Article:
- What are your qualifications to be a delegate to the ‘aha?
I seek to serve our people and ʻāina with integrity, creativity, and aloha. To that end, I have spent my life seeking out sources of knowledge—both traditional and contemporary—that would enable me to help cultivate self-determination in, among, and for our Hawaiʻi. So far in my life, I have had the honor to serve in the fields of education, resource management, and cultural practice. Empowered by my kumu and variety of experiences, I now seek to expand my service to the development of our political culture and the legal instruments that can support our continual growth as a self-determining people.
- How would you characterize the values of your campaign to be elected as a delegate to the ‘aha for example, with aloha, lōkahi, kūpono, etc.?
The values of my campaign are the values of my kūpuna, and I hold these as ideals for both the process and the outcomes of the present Hawaiian governance ʻaha. My approach to three of these values is described below:
- Aloha. I value aloha as an emotional intelligence that helps me understand the perspective and experiences of others, even if my intellect does not. In this way, it keeps me open to the greatest breadth of possibilities for our future. This value of aloha also allows me to trust and build trust with anyone else willing to engage in the nation-building process.
- Pono. I value pono as a continual process of discernment and balance-seeking. It is the fundamental quality of every good decision and the means by which we as kanaka efficiently and enduringly cultivate our individual and collective mana.
- ʻOnipaʻa. I value ʻonipaʻa as a means of engagement. It combines the qualities of flexibility and steadfastness in a manner that grounds me in the basic truths and needs of our Hawaiian people while allowing for the fact that my knowledge, skills, and experiences have their limits.
- What three components of the constitution are you particularly interested in advocating and why?
In order to develop a constitution that suits both our present sociopolitical circumstances and our greatest future aspirations, we require a broad range of perspectives working together creatively and with open and active critique. I am running to become an ʻaha delegate because I am interested in supporting the most rigorous process of constitutional development that can be collectively imagined and agreed upon by convention delegates.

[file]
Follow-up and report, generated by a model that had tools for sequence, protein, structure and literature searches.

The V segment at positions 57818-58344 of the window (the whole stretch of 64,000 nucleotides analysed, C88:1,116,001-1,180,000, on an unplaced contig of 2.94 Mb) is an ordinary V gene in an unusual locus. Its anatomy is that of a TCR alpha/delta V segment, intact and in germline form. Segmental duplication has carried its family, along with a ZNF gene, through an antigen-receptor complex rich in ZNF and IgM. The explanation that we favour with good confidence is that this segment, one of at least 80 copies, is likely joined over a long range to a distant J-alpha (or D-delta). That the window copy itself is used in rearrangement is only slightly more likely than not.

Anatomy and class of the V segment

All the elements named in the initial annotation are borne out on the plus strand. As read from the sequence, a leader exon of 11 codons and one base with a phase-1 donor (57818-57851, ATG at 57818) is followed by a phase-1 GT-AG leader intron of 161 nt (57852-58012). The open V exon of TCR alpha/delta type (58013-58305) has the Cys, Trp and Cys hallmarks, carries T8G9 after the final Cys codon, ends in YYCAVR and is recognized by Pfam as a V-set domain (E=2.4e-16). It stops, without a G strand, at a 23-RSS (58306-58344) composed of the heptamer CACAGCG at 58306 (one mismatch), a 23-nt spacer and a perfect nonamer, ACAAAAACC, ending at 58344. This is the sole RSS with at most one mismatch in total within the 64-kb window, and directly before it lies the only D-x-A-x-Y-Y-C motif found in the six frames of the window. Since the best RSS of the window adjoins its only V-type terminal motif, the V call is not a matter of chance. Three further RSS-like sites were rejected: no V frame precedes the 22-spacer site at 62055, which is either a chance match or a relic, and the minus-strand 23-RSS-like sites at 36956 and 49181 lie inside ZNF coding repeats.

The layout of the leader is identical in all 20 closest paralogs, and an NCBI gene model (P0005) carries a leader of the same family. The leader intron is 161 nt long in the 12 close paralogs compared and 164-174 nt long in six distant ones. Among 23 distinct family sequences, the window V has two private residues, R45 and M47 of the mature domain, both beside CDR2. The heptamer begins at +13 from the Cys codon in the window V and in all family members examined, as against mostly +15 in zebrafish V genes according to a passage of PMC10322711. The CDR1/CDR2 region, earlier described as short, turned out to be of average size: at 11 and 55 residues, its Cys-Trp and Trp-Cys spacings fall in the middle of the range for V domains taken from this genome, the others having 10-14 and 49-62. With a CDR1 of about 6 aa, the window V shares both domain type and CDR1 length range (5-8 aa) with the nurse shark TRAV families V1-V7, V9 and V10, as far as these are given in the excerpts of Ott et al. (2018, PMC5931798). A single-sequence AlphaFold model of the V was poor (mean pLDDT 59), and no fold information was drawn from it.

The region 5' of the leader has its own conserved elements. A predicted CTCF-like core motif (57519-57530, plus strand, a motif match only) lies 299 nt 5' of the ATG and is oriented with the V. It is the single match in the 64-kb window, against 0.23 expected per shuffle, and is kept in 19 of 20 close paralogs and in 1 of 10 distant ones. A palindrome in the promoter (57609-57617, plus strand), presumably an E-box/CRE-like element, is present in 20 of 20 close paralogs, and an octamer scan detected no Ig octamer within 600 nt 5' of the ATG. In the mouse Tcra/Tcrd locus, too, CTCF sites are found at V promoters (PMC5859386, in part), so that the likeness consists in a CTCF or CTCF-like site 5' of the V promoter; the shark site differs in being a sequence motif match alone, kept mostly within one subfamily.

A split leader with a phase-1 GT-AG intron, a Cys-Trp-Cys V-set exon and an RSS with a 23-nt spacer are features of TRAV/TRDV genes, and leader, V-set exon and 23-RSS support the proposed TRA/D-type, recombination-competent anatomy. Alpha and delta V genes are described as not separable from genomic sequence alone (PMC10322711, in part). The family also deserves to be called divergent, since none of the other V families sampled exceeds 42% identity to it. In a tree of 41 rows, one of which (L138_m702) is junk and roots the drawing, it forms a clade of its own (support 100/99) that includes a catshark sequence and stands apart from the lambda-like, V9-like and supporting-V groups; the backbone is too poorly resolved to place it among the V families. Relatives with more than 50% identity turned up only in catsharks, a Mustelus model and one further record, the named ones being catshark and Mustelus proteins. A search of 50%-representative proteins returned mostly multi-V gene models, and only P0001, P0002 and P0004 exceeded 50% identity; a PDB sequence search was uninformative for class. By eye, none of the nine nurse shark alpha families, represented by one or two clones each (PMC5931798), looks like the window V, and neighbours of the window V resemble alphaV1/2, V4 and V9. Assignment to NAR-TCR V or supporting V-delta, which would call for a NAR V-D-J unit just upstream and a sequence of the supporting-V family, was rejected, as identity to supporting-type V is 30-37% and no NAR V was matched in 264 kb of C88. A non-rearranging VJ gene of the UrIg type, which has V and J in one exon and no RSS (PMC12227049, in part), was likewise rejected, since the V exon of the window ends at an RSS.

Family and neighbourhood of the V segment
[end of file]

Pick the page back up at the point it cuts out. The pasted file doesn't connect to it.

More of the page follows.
Beyond the process of constitutional development, there are many aspects of a future Hawaiian constitution in which I am interested. Here are three:
- Enduring right to self-determination. The constitution or a preamble thereof must state and make abundantly clear our intention to continually seek our fullest expression of self-determination and most beneficial state of pono with place and people, which may include being a free and fully self-determining nation-state.
- Community engagement and transparency. The quality of our public life and communal efforts are directly related to the extent to which citizens are engaged in processes of decision-making. A Hawaiian constitution must maximize public engagement through the electoral system and legislative processes. Channels of clear communication and accountability must be built into the governing system.
- ʻŌlelo Hawaiʻi. Our Hawaiian language is an integral part of our future. Any Hawaiian constitution should mandate the use of ʻōlelo Hawaiʻi throughout the Hawaiian government and subsidiary functions (eg. public education) while supporting the learning of ʻōlelo by all who are interested. A Hawaiian constitution should also be dually drafted and promulgated in both Hawaiian and English.
- What governance model will you advocate for?